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Supportive Health IT Structure Linked to Global EHR Satisfaction

A KLAS Arch Collaborative report found that sufficient ongoing health IT training is linked to EHR satisfaction in global health systems.

Supportive health IT structure is the factor most associated with EHR satisfaction, according to a KLAS Arch Collaborative report.

In global health systems, clinicians who strongly agree that their organization supports the EHR well are 132 times more likely to report EHR satisfaction than those who strongly disagree.

Those who disagree or strongly disagree that their organization provides sufficient support for the EHR account for 26 percent of all respondents from global health systems.

According to an Arch Collaborative webinar hosted by King Faisal Specialist Hospital & Research Centre in Saudi Arabia, healthcare organizations should create a high-trust environment by engaging clinicians in EHR governance.

The webinar also highlighted how clinician champions who share the same clinical background as end-users can help support EHR optimization by reporting clinical workflow challenges to governance committees.

Additionally, the presentation suggested healthcare organizations standardize new-hire education and use ongoing EHR education to focus on end-users’ specialties and needs.

Globally, only 11 percent of clinicians strongly agree that their ongoing EHR education is sufficient. Almost two-thirds of respondents reported that they would like additional training.

“Training represents a significant opportunity for global organizations to improve the overall EHR experience since clinicians at these organizations who strongly agree that their ongoing training is sufficient are 25 times more likely to be satisfied with their EHR than those who strongly disagree,” the report authors wrote.

Previous research has found that self-directed eLearning is not as effective as other types of training. Additionally, clinician satisfaction with training is higher when the training lasts at least an hour. Healthcare organizations can leverage these evidence-based practices to build successful EHR training programs.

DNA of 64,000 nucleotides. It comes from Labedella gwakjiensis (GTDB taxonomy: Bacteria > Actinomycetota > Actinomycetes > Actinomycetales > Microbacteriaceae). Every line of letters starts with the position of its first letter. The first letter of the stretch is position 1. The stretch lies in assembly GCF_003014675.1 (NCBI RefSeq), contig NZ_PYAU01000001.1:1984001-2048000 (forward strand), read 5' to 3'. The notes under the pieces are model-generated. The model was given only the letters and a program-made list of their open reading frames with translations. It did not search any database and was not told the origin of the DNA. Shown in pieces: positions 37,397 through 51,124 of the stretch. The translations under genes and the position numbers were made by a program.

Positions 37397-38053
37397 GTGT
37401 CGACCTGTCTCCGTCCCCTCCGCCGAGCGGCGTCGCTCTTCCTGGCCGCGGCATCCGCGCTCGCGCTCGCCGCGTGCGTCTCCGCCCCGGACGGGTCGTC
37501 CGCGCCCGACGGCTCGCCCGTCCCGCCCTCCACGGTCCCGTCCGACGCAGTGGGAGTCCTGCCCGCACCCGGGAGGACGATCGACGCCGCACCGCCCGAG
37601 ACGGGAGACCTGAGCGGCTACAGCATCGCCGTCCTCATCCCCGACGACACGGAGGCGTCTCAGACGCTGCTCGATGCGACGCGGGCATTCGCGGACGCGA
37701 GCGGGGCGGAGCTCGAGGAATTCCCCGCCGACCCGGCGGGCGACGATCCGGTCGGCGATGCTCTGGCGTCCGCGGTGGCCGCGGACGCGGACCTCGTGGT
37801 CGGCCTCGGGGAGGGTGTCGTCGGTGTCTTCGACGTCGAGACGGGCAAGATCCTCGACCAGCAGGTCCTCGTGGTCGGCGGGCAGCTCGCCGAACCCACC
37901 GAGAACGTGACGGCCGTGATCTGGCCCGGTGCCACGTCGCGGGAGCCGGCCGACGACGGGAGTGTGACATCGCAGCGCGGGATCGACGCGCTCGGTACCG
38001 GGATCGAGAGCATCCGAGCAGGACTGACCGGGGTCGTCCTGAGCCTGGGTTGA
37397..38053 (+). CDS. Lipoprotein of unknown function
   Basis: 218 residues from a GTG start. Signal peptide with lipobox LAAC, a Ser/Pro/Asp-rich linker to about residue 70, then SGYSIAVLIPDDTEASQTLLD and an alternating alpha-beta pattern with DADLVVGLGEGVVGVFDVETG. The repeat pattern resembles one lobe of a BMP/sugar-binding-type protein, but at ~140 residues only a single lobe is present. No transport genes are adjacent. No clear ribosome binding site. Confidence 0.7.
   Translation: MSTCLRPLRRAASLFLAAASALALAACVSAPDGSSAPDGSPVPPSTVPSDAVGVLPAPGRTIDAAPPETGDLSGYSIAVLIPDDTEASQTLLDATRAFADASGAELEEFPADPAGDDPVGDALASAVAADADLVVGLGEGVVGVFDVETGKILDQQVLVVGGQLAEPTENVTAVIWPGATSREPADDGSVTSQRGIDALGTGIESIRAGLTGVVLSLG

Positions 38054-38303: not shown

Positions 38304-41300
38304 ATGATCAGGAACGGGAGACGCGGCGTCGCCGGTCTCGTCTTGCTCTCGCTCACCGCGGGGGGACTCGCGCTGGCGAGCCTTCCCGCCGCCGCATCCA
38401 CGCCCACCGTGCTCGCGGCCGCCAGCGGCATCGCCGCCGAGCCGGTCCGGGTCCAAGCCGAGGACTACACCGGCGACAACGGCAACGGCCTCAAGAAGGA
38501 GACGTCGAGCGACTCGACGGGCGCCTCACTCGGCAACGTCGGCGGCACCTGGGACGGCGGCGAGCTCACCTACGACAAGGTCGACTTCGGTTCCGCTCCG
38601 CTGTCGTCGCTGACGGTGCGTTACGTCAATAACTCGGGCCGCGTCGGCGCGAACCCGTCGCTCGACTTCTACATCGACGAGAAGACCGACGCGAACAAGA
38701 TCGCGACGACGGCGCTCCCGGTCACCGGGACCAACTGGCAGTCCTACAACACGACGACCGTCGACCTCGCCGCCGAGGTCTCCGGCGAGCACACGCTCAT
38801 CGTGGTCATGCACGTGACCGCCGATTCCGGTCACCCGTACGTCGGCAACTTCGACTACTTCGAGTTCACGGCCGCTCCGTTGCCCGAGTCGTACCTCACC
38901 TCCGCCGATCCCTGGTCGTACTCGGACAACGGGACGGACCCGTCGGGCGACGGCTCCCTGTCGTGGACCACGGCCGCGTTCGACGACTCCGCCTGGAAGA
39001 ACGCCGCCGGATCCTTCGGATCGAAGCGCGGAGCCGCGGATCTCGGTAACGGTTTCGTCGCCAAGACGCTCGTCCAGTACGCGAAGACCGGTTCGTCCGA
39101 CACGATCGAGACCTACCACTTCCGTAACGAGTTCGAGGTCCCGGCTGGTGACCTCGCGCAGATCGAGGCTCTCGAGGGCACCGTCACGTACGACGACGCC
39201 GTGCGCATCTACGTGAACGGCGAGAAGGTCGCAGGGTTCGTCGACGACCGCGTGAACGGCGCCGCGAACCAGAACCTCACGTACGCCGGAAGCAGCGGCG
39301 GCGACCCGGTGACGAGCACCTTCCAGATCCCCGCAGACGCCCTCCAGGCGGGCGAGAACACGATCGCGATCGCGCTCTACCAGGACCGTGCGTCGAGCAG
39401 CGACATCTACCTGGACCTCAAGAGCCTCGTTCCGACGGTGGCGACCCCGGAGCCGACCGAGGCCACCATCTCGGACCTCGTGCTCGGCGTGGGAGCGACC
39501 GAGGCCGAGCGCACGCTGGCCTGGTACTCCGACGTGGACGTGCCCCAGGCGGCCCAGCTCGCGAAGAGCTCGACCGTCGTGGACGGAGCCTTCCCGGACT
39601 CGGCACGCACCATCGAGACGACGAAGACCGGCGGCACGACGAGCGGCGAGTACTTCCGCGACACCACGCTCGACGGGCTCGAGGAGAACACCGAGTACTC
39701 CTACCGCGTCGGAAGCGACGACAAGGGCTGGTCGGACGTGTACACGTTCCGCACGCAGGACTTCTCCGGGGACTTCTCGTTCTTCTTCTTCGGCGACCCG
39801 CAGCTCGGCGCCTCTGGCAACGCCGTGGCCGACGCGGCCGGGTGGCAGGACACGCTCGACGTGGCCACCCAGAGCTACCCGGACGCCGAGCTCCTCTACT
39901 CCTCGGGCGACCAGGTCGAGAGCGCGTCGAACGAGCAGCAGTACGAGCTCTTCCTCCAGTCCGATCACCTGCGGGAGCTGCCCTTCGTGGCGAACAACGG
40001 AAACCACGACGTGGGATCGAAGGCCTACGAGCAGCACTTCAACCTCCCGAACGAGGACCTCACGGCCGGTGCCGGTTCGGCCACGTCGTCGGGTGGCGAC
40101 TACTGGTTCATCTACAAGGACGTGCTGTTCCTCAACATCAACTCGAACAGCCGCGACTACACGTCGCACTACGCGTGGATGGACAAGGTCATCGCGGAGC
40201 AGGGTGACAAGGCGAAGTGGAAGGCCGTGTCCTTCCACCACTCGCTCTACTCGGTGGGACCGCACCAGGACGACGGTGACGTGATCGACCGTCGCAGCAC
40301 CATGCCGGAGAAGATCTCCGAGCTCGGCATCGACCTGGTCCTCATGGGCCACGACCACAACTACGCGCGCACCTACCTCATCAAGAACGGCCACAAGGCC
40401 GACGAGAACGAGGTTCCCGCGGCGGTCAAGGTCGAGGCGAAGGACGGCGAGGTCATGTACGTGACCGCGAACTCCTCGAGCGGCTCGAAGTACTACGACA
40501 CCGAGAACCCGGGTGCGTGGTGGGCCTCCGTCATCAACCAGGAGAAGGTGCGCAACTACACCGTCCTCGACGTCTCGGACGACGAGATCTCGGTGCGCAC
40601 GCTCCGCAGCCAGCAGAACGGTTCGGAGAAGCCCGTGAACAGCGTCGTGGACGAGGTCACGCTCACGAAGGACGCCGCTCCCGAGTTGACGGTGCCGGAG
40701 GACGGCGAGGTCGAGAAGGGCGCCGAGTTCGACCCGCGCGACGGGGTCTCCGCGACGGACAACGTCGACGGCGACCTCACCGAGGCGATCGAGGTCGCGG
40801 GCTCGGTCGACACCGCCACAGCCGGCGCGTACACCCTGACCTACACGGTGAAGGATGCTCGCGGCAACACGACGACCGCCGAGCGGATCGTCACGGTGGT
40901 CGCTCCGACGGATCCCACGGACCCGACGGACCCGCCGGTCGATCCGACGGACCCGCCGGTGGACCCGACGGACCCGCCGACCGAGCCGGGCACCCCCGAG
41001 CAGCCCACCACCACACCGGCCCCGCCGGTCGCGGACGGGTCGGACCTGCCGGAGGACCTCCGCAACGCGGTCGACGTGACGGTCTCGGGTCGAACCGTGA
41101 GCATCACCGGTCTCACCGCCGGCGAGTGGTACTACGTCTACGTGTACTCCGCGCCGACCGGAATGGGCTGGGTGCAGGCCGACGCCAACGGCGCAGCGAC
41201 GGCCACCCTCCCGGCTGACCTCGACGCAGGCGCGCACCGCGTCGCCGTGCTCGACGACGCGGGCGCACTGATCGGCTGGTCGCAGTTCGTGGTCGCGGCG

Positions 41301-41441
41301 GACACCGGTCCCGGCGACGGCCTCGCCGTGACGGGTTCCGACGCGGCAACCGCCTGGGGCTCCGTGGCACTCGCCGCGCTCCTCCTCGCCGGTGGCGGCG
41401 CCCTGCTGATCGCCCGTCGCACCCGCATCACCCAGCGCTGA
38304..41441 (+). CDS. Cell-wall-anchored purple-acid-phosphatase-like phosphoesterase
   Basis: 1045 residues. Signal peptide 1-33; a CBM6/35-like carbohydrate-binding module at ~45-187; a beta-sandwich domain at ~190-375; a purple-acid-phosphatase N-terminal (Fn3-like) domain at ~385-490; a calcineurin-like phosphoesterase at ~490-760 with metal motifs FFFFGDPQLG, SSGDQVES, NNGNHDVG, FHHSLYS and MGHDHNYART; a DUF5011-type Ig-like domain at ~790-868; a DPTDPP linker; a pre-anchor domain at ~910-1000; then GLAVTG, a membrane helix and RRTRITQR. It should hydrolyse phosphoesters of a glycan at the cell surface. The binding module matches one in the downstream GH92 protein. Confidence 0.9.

The report found that clinician burnout is a global issue, with 26 percent of clinicians reporting at least some symptoms of burnout.

Nurses and allied health professionals are the most likely to be experiencing burnout compared to other clinical roles.

Arch Collaborative data has provided insights into several factors correlated with burnout. While the data is not specific to global respondents, it can help identify potential focus areas, the report authors noted.  

Collaborative data has found that clinicians who strongly disagree that their ongoing EHR training is sufficient are 3.5 times more likely to report feeling burned out.

The time a clinician spends charting can significantly impact clinician burden. Globally, clinicians with a highly efficient chart-closure rate (ie, they complete more than 66 percent of charts the same day) are less likely to report burnout. The report authors noted that efficient charting also leads to higher EHR satisfaction in both inpatient and outpatient environments.

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